What do you water, what do you grow?
I once had someone tell me they were a plant manager. I said, “do you work for one of the big three automakers”? He said, ”no I work at home”. I said, “that must be difficult being away from the plant”. He said, “No, all my plants are at home”. I decided not to ask if they were tomatoes.
I went to Arizona many years ago and really loved the desert. I was so amazed at the huge cacti. They are survivors in some of the worst and harshest environments. So I bought a little cactus from a souvenir shop and brought it home on the airplane. My friend Larry told me it would be dead in Michigan after a couple of months. That was like 5 years ago and it still lives. I guess I was determined to prove him wrong.
That sort of launched me into a few indoor plants.
So about 10 months ago I planted some seeds that I took out of a Carolina Reaper. The Reaper is the hottest (spiciest) confirmed pepper in the world. Developed by South Carolina breeder Ed Currie, the pepper is red and gnarled, with a bumpy texture and small pointed tail that looks like a stinger or scorpion tail.
Fast forward to this Spring and I had 40 Reaper plants started in my kitchen, which my wife called the jungle and was not very happy with.
Due to some May snow, Michigan’s governor outlawing gardening for a short time, and the fact that I had never had a garden before, the transition to the outside was not very smooth. I think the plants made it outside about the second week of June and just in time for some really hot days.
I roto-tilled the ground and spent days preparing the soil. I then placed about 20 plants in the ground that had lush green leaves. Within about 5 days they were all dead and all the leaves had fallen off the plants. The transition from 65 degrees to 90+ was too much for the plants. They did not adapt well.
I then proceeded to water 20 sticks in the ground that looked worse than Charlie Brown’s Christmas tree. I gazed across almost a year’s worth of work and all I could see was those dried up twigs that looked like kindling for a fire. Total failure after a lot of hard work is not a fun outcome.
I remembered from watching the movie “A Walk in the Clouds” that although everything looks like death on the outside, life can remain inside. So I continued to water and water, the dried sticks.
One of the most famous written statements about love starts out like this. Love is patient, Love is kind. The author goes on to talk about all the many things that love is but why did he start out with “Love is patient” as the very first descriptor concerning love. I think this was on purpose because it is the very first thing we need to learn about love.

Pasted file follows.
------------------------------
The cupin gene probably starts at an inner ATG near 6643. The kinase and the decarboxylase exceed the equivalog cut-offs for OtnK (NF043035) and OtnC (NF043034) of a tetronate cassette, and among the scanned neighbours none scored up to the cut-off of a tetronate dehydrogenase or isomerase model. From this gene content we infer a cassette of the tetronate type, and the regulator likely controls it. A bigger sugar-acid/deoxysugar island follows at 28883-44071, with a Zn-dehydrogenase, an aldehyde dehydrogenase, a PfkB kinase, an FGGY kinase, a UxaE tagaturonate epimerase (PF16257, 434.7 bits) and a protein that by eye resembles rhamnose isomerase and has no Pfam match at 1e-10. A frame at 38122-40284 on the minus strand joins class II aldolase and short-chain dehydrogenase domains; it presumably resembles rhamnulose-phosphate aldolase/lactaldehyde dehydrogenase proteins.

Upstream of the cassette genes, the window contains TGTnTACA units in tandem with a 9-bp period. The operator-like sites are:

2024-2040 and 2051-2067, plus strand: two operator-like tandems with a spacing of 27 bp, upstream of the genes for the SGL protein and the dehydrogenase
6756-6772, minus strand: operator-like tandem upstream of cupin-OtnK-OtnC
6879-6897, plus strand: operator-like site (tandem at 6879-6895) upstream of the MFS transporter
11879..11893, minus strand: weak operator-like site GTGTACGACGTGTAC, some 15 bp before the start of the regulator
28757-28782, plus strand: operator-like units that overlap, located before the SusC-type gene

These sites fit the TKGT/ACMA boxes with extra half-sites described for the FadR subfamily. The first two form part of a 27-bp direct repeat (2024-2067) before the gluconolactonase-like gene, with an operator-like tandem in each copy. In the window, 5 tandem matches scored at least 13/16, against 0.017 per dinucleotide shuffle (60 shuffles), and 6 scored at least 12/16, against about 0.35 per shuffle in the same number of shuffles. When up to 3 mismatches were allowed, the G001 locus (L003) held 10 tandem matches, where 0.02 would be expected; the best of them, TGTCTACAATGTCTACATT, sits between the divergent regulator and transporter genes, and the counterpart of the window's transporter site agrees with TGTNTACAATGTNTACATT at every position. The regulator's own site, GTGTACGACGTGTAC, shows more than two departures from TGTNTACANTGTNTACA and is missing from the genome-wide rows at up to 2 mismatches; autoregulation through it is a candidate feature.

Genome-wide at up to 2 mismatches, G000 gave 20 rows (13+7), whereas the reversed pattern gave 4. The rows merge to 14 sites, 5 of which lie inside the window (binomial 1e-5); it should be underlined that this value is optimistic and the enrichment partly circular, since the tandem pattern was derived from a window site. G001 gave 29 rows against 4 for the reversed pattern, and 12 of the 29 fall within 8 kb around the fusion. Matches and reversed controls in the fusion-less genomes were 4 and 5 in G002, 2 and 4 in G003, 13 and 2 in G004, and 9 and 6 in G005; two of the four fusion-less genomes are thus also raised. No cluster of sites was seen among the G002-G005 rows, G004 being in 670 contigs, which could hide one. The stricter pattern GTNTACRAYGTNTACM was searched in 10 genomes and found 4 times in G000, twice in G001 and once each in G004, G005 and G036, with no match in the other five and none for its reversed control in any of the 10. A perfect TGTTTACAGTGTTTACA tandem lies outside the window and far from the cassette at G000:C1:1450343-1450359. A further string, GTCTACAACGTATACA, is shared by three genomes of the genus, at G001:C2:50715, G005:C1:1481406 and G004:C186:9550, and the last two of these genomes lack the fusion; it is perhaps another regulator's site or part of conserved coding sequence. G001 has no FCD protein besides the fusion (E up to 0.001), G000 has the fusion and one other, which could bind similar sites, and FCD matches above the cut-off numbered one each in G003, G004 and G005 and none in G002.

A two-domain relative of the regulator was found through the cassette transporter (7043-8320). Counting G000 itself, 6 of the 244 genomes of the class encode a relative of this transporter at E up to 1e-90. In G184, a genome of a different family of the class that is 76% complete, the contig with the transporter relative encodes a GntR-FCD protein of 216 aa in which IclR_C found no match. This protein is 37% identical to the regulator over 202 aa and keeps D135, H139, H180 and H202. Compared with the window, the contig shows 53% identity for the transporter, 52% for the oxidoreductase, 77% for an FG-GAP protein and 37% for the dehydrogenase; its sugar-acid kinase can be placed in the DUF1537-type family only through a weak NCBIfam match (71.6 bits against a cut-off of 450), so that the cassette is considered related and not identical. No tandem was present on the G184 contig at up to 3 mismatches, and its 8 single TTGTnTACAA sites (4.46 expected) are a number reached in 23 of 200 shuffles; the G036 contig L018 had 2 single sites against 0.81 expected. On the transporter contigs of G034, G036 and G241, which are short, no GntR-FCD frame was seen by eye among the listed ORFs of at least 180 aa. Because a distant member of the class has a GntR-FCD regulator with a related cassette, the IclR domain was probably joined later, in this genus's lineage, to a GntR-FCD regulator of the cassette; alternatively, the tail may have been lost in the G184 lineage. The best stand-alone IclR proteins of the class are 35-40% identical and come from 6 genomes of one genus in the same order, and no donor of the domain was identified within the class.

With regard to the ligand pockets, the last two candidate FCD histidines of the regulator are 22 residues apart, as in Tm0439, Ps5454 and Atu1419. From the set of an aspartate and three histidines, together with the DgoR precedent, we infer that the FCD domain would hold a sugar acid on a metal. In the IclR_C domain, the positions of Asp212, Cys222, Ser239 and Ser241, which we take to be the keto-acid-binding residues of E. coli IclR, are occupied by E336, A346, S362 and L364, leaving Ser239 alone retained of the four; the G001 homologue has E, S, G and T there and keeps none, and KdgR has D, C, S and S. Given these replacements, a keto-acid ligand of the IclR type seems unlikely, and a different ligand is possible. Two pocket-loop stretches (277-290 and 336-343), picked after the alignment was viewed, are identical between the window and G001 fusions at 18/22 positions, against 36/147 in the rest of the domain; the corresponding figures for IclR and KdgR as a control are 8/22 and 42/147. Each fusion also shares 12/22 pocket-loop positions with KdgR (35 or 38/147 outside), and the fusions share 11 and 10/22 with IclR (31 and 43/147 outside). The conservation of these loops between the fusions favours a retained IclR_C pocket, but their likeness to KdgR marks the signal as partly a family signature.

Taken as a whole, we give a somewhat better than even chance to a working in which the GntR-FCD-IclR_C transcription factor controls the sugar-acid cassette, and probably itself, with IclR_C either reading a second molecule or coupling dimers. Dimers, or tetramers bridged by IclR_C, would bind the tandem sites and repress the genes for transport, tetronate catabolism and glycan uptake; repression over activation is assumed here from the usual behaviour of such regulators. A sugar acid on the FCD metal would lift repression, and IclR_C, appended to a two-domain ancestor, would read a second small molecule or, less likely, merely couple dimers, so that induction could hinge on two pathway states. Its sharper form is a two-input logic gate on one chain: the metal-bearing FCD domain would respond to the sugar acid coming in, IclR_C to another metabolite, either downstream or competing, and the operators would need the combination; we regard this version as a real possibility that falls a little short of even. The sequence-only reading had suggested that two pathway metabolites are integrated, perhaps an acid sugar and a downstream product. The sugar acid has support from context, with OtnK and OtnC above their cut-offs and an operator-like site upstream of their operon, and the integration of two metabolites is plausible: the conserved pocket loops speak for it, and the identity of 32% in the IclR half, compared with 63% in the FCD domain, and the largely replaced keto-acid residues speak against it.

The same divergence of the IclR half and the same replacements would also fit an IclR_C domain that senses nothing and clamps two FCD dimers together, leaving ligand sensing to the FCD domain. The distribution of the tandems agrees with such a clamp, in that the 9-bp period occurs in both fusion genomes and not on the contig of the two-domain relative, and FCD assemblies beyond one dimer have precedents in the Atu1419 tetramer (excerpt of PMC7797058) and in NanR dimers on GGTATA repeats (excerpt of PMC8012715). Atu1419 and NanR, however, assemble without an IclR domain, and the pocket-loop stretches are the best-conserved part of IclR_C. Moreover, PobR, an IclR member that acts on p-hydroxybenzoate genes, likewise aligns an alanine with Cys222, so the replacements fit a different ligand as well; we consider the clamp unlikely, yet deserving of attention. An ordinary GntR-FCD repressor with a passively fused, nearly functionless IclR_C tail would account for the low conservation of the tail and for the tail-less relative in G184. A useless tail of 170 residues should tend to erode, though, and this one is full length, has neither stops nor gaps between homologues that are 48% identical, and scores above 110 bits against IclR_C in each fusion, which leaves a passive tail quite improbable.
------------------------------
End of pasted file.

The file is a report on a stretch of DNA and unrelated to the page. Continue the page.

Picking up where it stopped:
I must admit that am not very patient and that may be why I don’t show love as well as I should. However, there it is, in black and white “Love is patient”. I am told the Bamboo seed has to be watered for 3 to 5 years before its sprouts through the ground but once it does it can grow to 90 feet in around 6 weeks.
So why all this waiting, why are things so difficult, and why can’t great results happen instantly?
I guess the answer is because life is not designed that way.
For some reason, great success seems to come through great trials and tribulations, great periods of waiting and maintaining great patience. Greatness cannot be rushed. Wine requires time to age, fishing requires time to wait, and great BarBQue requires low temperature and many hours of slow smoldering smoke.
Great leadership and success in business mean being great with people. Being great with people means learning the “Love is Patient” concept. Being great with people means dedicating time to the relationship and being patient through the process.
There is a lot of pressure these days to produce, multitask, and even remove the human component. The Pandemic has moved us away from people, the social unrest causes us to question motives and people’s hearts, things are clearly difficult and the great results are not instantaneous.
We want to change but are we willing to change, are we willing to love and be patient?
About half of my plants have come back with some small leaves on them, after watering them for another month and a half. One plant has 3 peppers on it and just one of those has turned orange (on its way to red).
Right now a years’ worth of work has produced the prospect of one pepper coming to harvest, however, the story is not over yet. Other plants are starting to flower and I see the beginning of what might be tiny peppers that will take a month or so to grow.
We need to slow down a little and show love a whole lot more. We will then see exponential results from our practice of patience. Love is Patient, Love is kind. However, we might not see the fruit of our labor right away or we may not see the quantity of fruit we had hoped for. However, if we keep loving even when there is no outward sign that it is working, we will see results. Just keep on watering.
Now shower (people) the seeds in your life and watch them grow. Go show love, go show patience, and you will see growth.
What do you water, what do you grow?